Sunday, December 2, 2012

A Season of Senses

By: Judi Stuart
Port Discover - Visitor Services Manager

A Season of Senses

Without silver bells, pumpkin pie, colored lights, snowflakes, candlelight, carols, children’s smiles, and other favorite things, the holidays just wouldn’t be the same. Humans are sensory focused creatures.

We have now entered the winter wonderland of sensory awareness. With its unique collection of experiences that delight our senses, the Christmas season can enhance the enjoyment of stimuli like no other during the year.

So much of our pleasure in life as human beings comes by way of our senses of touch, taste, smell, hearing, and seeing. Each holiday during the year has its own special set of foods, songs, scents, colors, and textures for us to experience. Every culture around the world has its own unique celebrations with their special sensory experiences.

Our senses bring us pleasure and sometimes pain. They are our radar for the world around us and give us impressions that affect our mood and our interaction with our surroundings. Each one of us has smells, sounds, sights, textures, and tastes that connect us to our own Christmas memories.

My father’s favorite carol was the “Little Drummer Boy” so the sound of that makes me think of him. My sister and I always got a new doll from Santa when we were young, and even now I can clearly remember the smell of the vinyl as I went to sleep. My own children say that it’s not Christmas without the smell of the sausage and egg casserole waking them up.

Spreading glistening, white angel hair all over the tree was my task as a child. Since it was made of fiberglass, the pain of it and the redness of my hands lasted for a couple of days. That’s not a good memory. Who can ever forget the story of “The Little Match Girl” and its tragic descriptive ending?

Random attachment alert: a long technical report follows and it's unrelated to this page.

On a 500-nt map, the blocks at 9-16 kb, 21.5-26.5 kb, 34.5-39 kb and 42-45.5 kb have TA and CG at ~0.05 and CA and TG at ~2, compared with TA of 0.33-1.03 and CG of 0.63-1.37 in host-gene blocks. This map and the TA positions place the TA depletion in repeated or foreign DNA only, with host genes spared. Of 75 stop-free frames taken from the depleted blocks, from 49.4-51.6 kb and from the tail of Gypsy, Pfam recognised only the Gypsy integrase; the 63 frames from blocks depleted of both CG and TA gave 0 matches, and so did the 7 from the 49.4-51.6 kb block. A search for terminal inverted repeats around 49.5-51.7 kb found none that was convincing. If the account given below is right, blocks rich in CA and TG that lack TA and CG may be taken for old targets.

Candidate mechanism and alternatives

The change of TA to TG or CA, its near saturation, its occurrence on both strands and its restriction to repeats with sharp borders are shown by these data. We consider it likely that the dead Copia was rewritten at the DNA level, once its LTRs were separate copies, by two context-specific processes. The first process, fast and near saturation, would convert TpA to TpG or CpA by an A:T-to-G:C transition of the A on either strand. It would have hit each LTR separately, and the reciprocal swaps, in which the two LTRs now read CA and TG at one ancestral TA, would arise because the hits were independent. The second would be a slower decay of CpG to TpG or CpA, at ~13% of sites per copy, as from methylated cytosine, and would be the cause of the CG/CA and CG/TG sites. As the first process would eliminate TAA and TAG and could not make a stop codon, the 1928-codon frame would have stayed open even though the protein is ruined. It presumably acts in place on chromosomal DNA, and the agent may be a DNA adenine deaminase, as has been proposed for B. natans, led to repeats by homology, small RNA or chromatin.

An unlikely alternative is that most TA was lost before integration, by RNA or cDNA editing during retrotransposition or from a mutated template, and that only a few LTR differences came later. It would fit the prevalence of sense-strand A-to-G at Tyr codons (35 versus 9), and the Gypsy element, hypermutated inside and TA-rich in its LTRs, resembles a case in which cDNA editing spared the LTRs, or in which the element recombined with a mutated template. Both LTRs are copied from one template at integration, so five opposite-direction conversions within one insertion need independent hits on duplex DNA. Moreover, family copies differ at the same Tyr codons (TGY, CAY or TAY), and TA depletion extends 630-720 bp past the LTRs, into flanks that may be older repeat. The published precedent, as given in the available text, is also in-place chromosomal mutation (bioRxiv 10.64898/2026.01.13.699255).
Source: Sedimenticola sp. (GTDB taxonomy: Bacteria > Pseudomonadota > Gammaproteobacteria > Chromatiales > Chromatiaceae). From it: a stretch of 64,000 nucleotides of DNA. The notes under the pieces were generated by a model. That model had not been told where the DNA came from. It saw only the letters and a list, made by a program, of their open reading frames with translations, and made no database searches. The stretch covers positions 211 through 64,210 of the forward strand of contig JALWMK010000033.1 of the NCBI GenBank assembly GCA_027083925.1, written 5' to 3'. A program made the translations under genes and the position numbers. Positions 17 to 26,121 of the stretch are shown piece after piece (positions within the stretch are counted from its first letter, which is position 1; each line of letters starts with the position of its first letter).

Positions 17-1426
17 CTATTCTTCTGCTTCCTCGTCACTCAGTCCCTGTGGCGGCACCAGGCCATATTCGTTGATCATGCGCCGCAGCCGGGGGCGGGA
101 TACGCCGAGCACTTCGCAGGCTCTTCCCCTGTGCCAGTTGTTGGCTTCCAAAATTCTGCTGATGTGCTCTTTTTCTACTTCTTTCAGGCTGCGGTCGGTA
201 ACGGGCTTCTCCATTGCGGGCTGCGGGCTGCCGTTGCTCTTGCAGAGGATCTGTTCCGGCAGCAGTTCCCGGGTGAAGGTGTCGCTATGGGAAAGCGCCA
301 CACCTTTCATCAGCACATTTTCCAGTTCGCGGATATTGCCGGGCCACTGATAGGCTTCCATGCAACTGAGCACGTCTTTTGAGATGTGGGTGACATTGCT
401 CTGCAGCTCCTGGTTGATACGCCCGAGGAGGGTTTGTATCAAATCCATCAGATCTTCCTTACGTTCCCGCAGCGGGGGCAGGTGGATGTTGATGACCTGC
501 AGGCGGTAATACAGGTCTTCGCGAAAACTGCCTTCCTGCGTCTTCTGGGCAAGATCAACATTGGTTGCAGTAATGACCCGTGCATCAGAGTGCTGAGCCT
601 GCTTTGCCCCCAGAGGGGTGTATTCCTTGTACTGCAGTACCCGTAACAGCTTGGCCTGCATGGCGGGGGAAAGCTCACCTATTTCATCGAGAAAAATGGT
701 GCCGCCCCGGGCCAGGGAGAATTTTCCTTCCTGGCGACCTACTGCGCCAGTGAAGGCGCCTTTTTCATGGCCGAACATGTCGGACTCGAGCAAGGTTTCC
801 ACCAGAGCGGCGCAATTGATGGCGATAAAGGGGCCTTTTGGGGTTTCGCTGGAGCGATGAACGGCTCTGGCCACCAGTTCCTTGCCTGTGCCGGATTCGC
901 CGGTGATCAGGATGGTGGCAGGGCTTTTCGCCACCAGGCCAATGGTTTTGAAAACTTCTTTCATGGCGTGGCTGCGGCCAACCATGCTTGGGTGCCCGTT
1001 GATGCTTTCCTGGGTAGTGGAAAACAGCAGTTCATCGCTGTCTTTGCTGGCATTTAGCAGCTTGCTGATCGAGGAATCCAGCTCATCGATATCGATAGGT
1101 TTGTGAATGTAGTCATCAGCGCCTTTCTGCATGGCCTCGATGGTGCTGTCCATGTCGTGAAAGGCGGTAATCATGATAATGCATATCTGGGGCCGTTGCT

If you want to increase your enjoyment this season, try some techniques to focus your senses. Take the time to breathe deeply and notice all of the specials scents around you whether they’re food or the cold, crisp air of the outdoors. Stare at the night sky and notice the brightness of the stars and the moon. Enjoy the light displays all over the city. Listen to holiday music and try to hear the softer sounds. Find a new holiday food and learn its history and how to prepare it.

Act like a kid and touch everything. Think of all the descriptive words that are unique at Christmas. Most of all, encourage your children to do all of these things with you.

Take a long walk on a dirt road and maximize the use of your senses. Notice the small things in your world. Slow down. None of your senses work their best when you rush.

Many of the things that bring us the most pleasure during the holidays don’t cost a thing. If you focus on your sensory awareness this season, you will come closer to experiencing the real meaning of Christmas-love.

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